KINGFISHER, Okla. - What are the odds of lightning striking the same place twice?
Shannon Bollenbach and her family knows the chances all too well.
Bollenbach's journey began when her first born son, Kaden, was diagnosed with Malignant Rhabdoid Tumor of the Kidney, an extremely rare form of childhood cancer.
"We only see about 20 to 25 cases in the United States a year with this type of tumor," said Dr. Kacie Sims, pediatric oncologist at the Jimmy Everest Center.
The cancer is also very aggressive and typically strikes children before the age of 2.
After intense treatment, Kaden went into remission but also suffered developmental complications.
When it came time to give Kaden a baby brother or sister, Bollenbach said the family underwent genetic testing.
They wanted to rule out the possibility of passing a cancer gene to another child.
Bollenbach said doctors gave them the green light.
The family welcomed a second son, Jase, into the world, but a mother's happiness was mixed with constant fear.
"I was little paranoid, because of everything that had happened with Kaden, so I watched everything extra close," Bollenbach said.
So, when Bollenbach noticed a tinge of blood in Jase's diaper, she took him to their pediatrician right away.
"They ran every test you could imagine, did some x-rays and, 2 hours later, we were being transported to Children's by ambulance," Bollenbach said.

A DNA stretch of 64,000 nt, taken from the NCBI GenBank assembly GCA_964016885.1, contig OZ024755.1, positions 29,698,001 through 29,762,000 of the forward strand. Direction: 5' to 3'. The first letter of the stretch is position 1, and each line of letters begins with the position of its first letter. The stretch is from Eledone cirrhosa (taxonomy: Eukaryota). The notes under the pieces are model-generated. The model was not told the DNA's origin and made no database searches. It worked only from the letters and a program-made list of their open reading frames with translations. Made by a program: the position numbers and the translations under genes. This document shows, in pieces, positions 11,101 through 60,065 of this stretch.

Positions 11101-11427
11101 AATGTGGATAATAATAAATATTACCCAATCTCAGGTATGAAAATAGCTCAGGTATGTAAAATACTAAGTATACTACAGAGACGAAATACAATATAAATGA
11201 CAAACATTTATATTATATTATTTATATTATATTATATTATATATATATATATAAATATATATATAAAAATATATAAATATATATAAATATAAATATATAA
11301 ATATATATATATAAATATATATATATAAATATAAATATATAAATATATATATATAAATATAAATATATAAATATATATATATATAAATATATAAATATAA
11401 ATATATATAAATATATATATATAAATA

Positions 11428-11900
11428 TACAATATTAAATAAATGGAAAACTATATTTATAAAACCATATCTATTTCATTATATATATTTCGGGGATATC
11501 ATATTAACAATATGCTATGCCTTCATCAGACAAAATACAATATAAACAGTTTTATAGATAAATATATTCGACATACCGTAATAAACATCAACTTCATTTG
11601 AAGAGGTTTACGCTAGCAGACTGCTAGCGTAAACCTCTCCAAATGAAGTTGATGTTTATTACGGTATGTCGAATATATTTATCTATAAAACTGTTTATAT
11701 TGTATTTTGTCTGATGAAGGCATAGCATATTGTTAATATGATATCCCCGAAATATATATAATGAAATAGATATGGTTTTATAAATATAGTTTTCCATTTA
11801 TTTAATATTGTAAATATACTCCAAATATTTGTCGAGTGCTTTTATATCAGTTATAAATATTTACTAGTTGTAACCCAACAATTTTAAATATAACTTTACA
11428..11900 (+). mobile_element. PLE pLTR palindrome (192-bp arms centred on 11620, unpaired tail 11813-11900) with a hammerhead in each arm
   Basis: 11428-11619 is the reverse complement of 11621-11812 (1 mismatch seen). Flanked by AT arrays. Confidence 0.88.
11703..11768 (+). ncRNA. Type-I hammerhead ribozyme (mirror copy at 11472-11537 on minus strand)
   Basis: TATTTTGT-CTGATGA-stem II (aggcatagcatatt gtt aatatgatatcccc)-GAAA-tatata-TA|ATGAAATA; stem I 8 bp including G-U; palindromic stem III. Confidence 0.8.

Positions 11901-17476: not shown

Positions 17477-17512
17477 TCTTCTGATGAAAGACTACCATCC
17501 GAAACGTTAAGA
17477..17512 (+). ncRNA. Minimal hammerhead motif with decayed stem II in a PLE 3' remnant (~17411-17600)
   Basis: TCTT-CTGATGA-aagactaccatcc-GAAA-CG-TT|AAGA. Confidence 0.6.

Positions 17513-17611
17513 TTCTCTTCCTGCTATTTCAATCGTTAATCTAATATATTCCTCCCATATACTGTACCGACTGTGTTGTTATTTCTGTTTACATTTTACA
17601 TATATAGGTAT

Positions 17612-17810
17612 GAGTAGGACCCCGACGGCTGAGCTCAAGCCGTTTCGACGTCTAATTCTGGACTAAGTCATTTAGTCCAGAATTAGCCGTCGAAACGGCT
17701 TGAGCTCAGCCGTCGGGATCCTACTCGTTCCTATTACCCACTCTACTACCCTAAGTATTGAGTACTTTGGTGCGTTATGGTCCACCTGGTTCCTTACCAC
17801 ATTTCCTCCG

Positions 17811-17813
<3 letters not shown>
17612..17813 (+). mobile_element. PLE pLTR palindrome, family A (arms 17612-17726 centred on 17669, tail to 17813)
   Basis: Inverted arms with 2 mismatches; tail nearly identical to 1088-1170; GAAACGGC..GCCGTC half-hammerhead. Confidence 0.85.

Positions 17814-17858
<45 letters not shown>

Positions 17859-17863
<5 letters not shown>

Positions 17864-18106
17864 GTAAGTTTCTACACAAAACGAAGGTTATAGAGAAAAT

The family was once again sent to the Jimmy Everest Center.
Jase was diagnosed with the same rare form of cancer as his older brother.
"Jace was diagnosed with malignant rhabdoid tumor of the kidney, and he was also found to have the same tumor in his brain," Sims said.
The cancer itself is rare, but the chances of it occurring in brothers is even more remote.
The boys are one of only four documented sibling cases ever diagnosed in the world.
Sadly, Jase's cancer had also spread.
Specialists at Jimmy Everest started Jase on treatment right away, including chemotherapy, radiation and surgery to remove his tumors.
During Jase's treatment, an unexpected blow.
After four years of being cancer free, Kaden's cancer had come back.
This time, he lost his hard-fought battle against childhood cancer.
In the midst of unimaginable grief, another son was still in the fight for his life.
This time, the outcome was cause for celebration.
Jase had won.
Shortly after saying goodbye to one son, the family got to ring the bell at Jimmy Everest, signifying that Jase was cancer free.
His doctors are optimistic as they have watched him continue to thrive despite his tough battle.
"Jase has been a fabulous patient. He's actually the same age as my son, so I've seen him grow, and his is developing like a normal 2-year-old," Sims said.
Although Jase is cancer free, his mother still worries.
Doctors have told the family a relapse is likely at some point in Jase's life.
"It could be six days from now. It could be six years. It could be sixty years but, at some point, it will come back," Bollenbach said.
So, for now, the family plans to treat each day with Jase as the most precious gifts life has to offer.
To learn more about the Jimmy Everest Center or to donate to the effort to cure cancer in Oklahoma's children, go to JECfriends.org.